Quote
It has been suggested that cultivating crops kill untold numbers of insects whilst the slaughtering of only one yak in old Tibet can feed the whole family for a week. Therefore, from the numerical point of view, this group of people suggests that we should consume meat of big-size animals rather than eating vegetables which inevitably entail the death of countless creatures. Moreover, some masters have insisted on vegetarianism as compulsory for a Buddhist whilst others quoted Buddhist texts to the contrary. 

In general, Lord Buddha has taught 3 differing points with regard to vegetarianism. In the first one, in the Theravada tradition, it is taught that we cannot take the so-called three categories of “Impure Meat”: a) we perceive through our eyes or ears the killing of the meat; b) we suspect that the meat is killed for ourselves; c) we know that the meat has been killed for us. Besides these 3 categories of meat, we are permitted to partake of the rest.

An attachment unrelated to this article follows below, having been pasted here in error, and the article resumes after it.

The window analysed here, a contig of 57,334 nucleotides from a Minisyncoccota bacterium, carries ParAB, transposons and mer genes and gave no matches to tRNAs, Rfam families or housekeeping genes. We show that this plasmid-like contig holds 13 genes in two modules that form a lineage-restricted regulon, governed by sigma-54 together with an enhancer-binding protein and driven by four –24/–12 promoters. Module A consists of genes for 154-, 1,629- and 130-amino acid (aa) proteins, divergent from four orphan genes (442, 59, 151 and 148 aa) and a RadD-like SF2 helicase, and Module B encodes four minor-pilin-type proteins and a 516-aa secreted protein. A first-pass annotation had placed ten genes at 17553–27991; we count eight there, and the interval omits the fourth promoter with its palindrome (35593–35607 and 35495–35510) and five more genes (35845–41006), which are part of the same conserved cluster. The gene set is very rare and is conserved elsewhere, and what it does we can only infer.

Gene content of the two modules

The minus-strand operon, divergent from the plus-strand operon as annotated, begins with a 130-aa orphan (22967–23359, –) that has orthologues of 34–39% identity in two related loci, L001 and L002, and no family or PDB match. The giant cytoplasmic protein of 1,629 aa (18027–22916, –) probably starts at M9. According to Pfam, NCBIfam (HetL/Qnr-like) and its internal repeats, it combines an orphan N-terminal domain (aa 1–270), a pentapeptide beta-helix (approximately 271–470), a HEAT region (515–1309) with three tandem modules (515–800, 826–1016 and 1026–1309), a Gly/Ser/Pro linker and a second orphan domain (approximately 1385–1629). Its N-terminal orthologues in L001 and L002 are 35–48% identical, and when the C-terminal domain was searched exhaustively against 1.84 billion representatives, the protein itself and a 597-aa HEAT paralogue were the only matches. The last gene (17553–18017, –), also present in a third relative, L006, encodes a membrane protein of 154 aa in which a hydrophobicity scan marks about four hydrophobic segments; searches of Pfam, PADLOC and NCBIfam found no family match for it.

In the second one, in the Mahayana tradition, it is taught explicitly that the taking meat is necessarily unskillful and wrong. So vegetarianism is compulsory here. In the third, in the Vajrayana tradition, it is taught that practitioners of this path should take meat. The reason for this is given in the texts and requires extensive explanations. It is not appropriate for me to elaborate here. Students of Buddhism can choose to follow any of these 3 points. It is not possible for me to dictate which points students should follow.

Based on what I understand of Buddhism, Buddhism is a very adaptive and evolving religion.  And in particular the Vajrayana tradition, many "unconventional" methods are used to teach the practitioners.  Even our diet can be used as a tool to practice.   So from what i gather from what is said above, the requirement to be vegetarian or not is not "imposed" across the board for all Buddhists practitioners.  It depends on the practitioner's level of training and realisations.  Just like how it is a transgression of sangha vows if a (newbie) monk drinks alcohol or have sexual relations, however highly attained lamas may drink alcohol or take on a consort.